Jul 24, 2012 - 1:00am
Caribe Tarawa has fond memories of his childhood, “living off the land quite a bit” in New Zealand.
“Crisp, fresh air, green grass – it’s all 100 per cent natural, like that travel campaign says. But you know, it’s true. I’ve lived in it and I’d hate to see it go. I want to share that with my kids and I mean future generations by that too.”
His love of nature is clear when he speaks of fishing as a child with his father. Now 35, the Maori descendent takes four of his five children on the small family boat. At just a few months of age, the youngest won’t join the outings for some time.
“I love nature and getting outside. Anything that’s going to destroy that type of stuff I am concerned about,” he says. Hence, his belief in climate change.
“Is it happening? Statistics and scientific studies are doing these reports and it seems to that things are changing. So I suppose it is happening.”
“All you have to do is compare the economies of the world. We are producing a lot of CO2 compared to 150 years ago. So obviously something is changing.”
Caribe is a land surveyor by profession and lives in Newcastle.
He is careful to consider personal action for the environment when possible. The household is big on recycling (they recently upsized their bin), and in renovating the house they bought two years ago they’ve included insulation and LED lights, or “anything to reduce the power bill.”
He looked into solar but found the return on investment too far ahead.
“We have a young family and are a single-income home,” he says. “It’s a matter of bills but also reducing things that are harmful to the environment.”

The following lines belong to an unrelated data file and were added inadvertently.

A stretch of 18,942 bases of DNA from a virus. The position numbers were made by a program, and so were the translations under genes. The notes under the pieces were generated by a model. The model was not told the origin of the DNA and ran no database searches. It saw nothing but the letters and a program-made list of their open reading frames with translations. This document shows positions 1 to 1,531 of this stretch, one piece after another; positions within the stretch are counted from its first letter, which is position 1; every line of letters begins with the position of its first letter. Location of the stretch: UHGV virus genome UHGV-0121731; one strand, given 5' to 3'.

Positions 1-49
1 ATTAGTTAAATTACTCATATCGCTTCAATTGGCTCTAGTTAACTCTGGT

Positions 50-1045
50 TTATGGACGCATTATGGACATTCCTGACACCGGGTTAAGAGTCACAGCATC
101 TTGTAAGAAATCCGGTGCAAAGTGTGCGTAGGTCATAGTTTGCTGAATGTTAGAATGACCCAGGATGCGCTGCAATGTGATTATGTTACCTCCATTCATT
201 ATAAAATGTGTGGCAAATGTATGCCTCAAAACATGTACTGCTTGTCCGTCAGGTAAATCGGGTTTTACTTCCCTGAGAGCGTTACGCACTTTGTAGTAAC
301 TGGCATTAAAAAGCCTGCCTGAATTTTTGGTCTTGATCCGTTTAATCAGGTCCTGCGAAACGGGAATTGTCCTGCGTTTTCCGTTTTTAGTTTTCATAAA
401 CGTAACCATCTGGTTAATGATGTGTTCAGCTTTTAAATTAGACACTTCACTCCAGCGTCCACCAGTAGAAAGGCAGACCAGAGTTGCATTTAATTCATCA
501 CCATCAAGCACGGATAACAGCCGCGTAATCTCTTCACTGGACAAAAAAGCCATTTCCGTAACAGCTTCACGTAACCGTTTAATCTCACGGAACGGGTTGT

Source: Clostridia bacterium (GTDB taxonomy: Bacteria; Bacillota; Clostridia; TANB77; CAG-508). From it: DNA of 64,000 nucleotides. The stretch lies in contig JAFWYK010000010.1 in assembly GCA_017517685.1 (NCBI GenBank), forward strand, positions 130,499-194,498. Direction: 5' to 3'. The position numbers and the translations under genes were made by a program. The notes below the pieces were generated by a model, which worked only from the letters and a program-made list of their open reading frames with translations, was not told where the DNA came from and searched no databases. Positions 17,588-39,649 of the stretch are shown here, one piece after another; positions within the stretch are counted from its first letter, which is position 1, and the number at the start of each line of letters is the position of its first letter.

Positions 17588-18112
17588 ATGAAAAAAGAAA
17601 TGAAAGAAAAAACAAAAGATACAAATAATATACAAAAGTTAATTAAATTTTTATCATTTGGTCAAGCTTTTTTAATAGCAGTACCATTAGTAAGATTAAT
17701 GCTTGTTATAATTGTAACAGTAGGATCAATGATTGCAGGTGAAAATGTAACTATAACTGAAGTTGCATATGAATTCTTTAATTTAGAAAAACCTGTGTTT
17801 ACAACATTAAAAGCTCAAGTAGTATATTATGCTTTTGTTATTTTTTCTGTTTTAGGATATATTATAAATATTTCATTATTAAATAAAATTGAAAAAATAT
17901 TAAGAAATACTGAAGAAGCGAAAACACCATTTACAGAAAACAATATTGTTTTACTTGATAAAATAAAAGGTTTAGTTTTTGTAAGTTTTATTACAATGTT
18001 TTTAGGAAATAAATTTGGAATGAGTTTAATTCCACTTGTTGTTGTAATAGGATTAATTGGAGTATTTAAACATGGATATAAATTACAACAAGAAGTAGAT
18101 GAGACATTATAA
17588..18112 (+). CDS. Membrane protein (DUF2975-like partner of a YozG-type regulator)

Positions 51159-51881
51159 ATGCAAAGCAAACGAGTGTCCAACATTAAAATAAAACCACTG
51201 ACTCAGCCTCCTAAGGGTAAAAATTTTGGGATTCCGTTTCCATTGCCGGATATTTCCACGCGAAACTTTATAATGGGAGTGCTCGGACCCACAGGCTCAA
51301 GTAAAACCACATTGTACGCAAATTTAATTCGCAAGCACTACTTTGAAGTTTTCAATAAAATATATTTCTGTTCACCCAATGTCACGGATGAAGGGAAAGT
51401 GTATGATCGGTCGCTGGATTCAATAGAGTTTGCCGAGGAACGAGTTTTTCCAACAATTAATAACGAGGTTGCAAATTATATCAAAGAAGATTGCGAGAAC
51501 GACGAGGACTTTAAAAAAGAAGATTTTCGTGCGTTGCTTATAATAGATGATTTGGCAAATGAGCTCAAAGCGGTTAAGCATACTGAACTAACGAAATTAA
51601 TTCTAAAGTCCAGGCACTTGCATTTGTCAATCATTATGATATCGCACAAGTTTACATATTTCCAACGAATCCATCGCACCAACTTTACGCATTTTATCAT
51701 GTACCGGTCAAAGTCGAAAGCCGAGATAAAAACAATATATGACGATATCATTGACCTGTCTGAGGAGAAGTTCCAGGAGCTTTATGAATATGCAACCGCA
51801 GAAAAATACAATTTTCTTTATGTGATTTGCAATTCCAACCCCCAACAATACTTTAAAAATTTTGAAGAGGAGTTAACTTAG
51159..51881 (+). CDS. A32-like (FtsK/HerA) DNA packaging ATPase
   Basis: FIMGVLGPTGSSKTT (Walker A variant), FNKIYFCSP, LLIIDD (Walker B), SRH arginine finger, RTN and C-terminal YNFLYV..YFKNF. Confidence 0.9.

Caribe, like many people that were involved in the Climate of the Nation research, is confused about the government’s carbon pricing legislation.
“As far as the environment goes, it’s a good thing. But is it a good thing for society in regards to your pocket? Once companies make less money they will put prices up and impact society.”
The $500 in government assistance Caribe’s family just received as part of the legislation is “better than nothing.” But it makes you wonder, he says. “Companies have to pay, we get compensation. You gotta scratch your head.”
He fears the compensation won’t cover the cost increases the family might experience throughout the year. “It feels a lot like a token gesture,” he says.
“On one hand it will bring bills up, on the other hand the underlying reason to do it is the environment. So if I say that I don’t agree with [the carbon legislation] do I not support climate change, which I do? It’s very confusing.”